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Film Review - Viruddh

Neelambaree Prasad

VIRUDDH, directed by Mahesh Manjrekar portrays the trauma and fight against the system, of an elderly middle class couple whose only son is murdered under mysterious circumstances and later wrongly accused of being a criminal.

 Amitabh Bachchan and Sharmila Tagore who had a sparkling chemistry in the films of the 70’s return back together on screen again. They’re together not to revitalize the lightness of ‘Chupke Chupke’ but to depict a story that is grave and resonant. Vidyadhar (Amitabh Bachchan) and Sumitra Patwardhan (Sharmila Tagore) are aged couple of 60’s. They are happily married and live in a suburb of Mumbai.  Not only with his wife and son, but the rapport that Vidyadhar gradually establishes even with the Muslim car mechanic (Sanjay Dutt) is done with dollops of theatrical reality... and never mind the over-punctuated scene-ends, never mind the camera movements that suggest Hindi cinema's close affinity to Marathi theatre... never mind the appalling background music.

The couple’s  belief in humanity shatters after the death of their only son (John Abraham). John falls captive for no fault of his when he witnesses a crime. What is left for them is a panic stricken and depressive life. But they don’t give in to the struggle and fix up their life again, giving the message that life moves on and hope can work wonders.  The film is sensitive but not pessimistic. It has underlying tones of struggle, emotion and dilemma but at last makes optimism triumph. The story also showcases the strong bond between the father and son.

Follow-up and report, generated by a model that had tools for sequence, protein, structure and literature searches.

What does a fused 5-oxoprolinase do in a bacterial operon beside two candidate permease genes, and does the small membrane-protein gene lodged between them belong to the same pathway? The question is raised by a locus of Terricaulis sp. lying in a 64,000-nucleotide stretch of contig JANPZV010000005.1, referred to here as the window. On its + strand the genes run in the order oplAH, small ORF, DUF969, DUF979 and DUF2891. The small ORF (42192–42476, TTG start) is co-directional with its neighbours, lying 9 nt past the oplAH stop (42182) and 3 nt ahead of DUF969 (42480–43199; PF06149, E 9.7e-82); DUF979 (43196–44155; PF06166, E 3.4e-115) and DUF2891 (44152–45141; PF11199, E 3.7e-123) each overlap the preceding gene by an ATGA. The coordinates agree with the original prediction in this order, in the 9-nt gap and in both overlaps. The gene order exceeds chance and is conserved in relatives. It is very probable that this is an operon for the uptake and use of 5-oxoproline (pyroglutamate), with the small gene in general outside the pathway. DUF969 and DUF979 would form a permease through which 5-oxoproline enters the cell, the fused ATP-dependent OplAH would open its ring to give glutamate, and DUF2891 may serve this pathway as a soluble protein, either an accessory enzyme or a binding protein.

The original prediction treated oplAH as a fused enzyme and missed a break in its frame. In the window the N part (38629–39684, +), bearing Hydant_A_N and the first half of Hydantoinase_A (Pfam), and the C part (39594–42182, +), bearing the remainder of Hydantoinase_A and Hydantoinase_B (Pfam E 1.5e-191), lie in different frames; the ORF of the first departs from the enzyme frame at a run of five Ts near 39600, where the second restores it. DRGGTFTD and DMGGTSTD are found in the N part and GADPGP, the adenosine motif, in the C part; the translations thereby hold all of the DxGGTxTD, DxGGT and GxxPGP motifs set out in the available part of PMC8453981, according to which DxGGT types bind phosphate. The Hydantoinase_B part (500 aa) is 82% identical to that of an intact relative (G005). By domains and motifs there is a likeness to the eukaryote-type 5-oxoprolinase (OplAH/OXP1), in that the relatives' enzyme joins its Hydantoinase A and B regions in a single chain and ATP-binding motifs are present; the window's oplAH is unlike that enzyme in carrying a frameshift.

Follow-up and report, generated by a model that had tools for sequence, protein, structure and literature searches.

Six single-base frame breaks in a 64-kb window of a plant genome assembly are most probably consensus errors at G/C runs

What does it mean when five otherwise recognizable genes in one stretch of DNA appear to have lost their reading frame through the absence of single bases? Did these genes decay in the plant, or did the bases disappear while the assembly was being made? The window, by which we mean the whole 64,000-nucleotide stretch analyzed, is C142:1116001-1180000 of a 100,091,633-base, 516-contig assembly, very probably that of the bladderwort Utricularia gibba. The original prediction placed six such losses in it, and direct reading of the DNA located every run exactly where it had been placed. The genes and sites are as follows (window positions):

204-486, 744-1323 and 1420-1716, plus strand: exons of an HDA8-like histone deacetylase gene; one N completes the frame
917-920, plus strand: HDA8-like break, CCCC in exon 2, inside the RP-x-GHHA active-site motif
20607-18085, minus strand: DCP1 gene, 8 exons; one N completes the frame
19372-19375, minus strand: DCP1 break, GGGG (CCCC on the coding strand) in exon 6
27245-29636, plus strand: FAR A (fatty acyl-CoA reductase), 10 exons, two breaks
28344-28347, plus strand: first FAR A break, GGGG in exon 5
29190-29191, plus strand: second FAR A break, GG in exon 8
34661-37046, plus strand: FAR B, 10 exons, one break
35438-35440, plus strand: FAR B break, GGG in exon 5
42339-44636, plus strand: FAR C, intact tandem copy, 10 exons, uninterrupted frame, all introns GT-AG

MTV VJ Anusha Dandekar who was last seen gyrating in ‘Loot Gaye’ from Mumbai Matinee’ makes her debut with this film as John’s wife.

You know the film has you hooked completely when the characters in this domesticated drama about the joy and trauma of a middle class family begin to matter to the audience... So much so that by the time the second half begins you want to put the clock back, scream to the storywriters to please, please keep unhappiness out of this feel-good mellow-drama.

But joylessness is a preponderant objective in all films about domestic harmony. In Mahesh Bhatt's rightly celebrated "Saraansh", a Maharashtrian patriarch fought back his tears and fears when his son was killed in a random incident. This movie seems to be “inspired” by Saraansh. Nevertheless it has got ABCL back into action!

Definitely worth a watch !



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